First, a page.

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Flashcards in Farm animal MSK diseases 4 Deck (58)
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1

Outline the role of Streptococcus suis in bacterial arthritis in pigs

- Primary pathogen
- Commensal of nostril, tonsil, vagina
- Can act opportunistically, esp. with PRRSc
- May also see meningitis/polyserositis (may die before lame)

2

How is Streptococcus suis transmitted?

- Often bought into a herd via carrier pigs
- Spread at tooth clipping/tail docking

3

Give the diagnosis, treatment and prognosis of Streptococcus suis bacterial arthritis in pigs

- Diagnosis: culturing affected tissue
- Treatment: antibiotics (mostly injectable, 5 days), NSAIDs
- Can respond well if treated early

4

Outline your approach to bacterial arthritis in suckling pigs

- Stop teeth clipping, check piglets mouths and clipping equipment
- Check colostrum management via blood sample from pigets
- Check iron administration esp. indoor systems, and hygiene of injector
- Check navel treatments and tail docking are carried out correctly and correct hygiene
- Check concurrent disease status esp. PRRSv
- Review flooring, state of creep temperatures and draughts i.e. housing
- Short term: preventative Abs prior to risk period to stop cycle

5

What is splayleg in piglets and how is it caused?

- Exact cause unknown, probably multiple
- Myofibrillar hypoplasia at histopath

6

Describe the typical clinical presentation of splayleg in piglets

- More common in Landrace pigs, and males
- Evident within 2-4 hours of birth, usually resolves ~5 days of age
- Can affect front, back or all legs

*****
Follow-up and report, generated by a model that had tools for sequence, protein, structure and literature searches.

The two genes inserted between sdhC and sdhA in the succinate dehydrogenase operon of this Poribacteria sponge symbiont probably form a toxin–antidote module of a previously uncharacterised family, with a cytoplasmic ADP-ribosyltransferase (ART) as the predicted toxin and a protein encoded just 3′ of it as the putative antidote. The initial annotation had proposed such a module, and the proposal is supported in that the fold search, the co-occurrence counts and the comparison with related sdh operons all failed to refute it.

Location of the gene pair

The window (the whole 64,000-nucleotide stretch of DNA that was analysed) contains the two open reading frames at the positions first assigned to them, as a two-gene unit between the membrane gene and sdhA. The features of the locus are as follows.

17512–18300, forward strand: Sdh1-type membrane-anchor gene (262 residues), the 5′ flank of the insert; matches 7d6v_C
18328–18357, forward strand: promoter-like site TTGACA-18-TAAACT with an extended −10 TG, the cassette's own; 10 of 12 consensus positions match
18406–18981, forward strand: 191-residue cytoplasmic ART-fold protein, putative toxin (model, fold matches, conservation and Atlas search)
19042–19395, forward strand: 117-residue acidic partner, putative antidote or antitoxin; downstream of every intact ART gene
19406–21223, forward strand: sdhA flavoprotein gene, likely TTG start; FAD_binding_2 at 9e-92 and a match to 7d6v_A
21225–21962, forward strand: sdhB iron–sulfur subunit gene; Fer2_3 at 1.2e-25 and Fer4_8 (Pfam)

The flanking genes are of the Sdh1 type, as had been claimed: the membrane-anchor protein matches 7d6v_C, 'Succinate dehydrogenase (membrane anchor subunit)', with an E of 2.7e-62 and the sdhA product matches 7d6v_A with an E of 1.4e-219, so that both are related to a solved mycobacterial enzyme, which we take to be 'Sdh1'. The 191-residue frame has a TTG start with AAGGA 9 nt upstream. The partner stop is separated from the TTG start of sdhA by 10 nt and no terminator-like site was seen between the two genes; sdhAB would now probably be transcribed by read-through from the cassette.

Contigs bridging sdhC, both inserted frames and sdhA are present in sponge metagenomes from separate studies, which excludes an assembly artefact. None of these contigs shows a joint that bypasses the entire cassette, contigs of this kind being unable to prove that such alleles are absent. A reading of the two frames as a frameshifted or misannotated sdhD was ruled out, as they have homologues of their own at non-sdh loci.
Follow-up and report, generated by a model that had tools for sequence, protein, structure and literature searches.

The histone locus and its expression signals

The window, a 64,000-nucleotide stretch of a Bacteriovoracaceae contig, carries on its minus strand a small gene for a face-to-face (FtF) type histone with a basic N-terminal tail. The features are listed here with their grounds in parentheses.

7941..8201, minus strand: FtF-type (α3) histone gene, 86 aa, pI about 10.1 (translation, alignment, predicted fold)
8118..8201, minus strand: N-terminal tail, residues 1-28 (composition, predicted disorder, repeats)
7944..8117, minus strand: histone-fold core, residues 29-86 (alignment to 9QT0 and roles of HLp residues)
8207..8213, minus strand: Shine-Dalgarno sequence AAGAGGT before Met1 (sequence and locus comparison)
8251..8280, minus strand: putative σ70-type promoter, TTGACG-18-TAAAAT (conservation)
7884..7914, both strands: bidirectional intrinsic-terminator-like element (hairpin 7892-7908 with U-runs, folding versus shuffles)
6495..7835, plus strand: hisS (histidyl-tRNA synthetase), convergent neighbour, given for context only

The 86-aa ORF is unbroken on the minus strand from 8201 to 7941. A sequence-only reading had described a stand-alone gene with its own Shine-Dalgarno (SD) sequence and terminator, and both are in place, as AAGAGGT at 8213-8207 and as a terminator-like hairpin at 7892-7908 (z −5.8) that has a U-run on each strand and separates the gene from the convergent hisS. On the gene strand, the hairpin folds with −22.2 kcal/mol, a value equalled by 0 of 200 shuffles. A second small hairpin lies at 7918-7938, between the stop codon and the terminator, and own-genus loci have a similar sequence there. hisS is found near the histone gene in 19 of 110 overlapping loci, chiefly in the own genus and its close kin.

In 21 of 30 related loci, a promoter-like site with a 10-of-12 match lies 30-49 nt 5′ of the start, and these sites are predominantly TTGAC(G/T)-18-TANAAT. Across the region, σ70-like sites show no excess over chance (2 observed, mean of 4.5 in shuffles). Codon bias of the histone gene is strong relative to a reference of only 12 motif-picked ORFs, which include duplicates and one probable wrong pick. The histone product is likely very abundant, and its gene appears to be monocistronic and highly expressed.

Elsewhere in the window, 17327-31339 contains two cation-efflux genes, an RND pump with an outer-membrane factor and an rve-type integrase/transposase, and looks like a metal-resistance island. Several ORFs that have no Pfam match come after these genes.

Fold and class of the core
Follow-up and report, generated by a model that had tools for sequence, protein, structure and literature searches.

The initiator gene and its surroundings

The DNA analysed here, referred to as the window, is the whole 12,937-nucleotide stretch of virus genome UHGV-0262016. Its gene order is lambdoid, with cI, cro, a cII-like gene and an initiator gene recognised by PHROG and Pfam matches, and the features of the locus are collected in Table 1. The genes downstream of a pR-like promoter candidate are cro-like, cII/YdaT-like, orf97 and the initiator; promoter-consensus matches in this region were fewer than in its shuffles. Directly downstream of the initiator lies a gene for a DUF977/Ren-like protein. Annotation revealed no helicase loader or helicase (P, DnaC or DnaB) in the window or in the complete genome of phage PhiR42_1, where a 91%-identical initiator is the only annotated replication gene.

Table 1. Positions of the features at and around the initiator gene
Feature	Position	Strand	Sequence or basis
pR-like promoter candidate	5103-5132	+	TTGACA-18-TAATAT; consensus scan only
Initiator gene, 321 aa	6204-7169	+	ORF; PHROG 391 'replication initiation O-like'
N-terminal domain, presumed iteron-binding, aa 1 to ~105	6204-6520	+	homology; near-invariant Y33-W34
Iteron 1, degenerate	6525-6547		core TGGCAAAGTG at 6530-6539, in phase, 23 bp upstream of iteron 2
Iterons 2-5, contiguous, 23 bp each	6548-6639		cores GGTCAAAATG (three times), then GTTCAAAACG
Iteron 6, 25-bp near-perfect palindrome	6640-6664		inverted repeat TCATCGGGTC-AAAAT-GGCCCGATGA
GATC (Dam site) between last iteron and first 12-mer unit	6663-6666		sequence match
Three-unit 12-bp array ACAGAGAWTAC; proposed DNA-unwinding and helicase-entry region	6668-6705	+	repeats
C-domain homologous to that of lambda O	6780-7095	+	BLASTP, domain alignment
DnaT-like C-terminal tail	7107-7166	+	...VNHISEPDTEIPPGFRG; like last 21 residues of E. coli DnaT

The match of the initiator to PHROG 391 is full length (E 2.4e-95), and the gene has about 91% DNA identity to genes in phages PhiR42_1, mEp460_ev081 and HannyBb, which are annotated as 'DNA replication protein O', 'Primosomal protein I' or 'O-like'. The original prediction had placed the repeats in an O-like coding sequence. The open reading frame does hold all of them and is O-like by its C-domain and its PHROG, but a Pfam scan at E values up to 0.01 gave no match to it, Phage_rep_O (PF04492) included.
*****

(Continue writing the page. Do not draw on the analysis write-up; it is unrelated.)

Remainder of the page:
- Death of results due to inability to feed

7

Outline the treatment and prognosis for splayleg in piglets

- If not nursed appropriately, die due to not feeding
- Tape affected limbs together using 2.5cm wide plaster strip, leaving 5-8cm gap between legs
- Massage frequently
- Assist with feeding, give 10ml colostrum asap
- Keep on rough floor to prevent slipping
- Consider split suckling to reduce competition

8

Give the aetiology, presentation and management of congenital hyperostosis in pigs

- Thick leg syndrome
- Genetic aetiology: recessive autosomal gene, very rare
- Individual litters born with bony thickenings of the legs, esp. HLs
- Do not use same combination of boar and sow again

9

List the MSK conditions that typically occur in suckling pigs

- Bacterial arthritis
- Splay leg
- Congenital hyperostosis
- Trauma

10

List the MSK conditions that typically occur in growing pigs

- Erysipelas
- Metabolic bone disease
- Porcine stress syndrome
- Mycoplasma hyosynoviae
- Bacterial arthritis
- Spinal abscesses

11

Outline the aetiology of erysipelas in pigs

- Erysipelothrix rhusiopathiae, common soil borne organism with tropism for heart valves, skin and joints
- Can also cause septicaemia

12

How does erysipelas cause lameness in pigs?

Joint infection causes turbid fibrinous arthritis

13

How can erysipelas be diagnosed, treated and prevented in pigs?

- Diagnosis: serum/joint fluid serology or culture
- Treatment: penicillin sometimes effective if used early
- Sows usually vaccinated, no need to vacc growing pigs unless known significant risk e.g. excessive contact with soil

14

Outline the cause and incidence of metabolic bone disease (osteomalacia, rickets) in pigs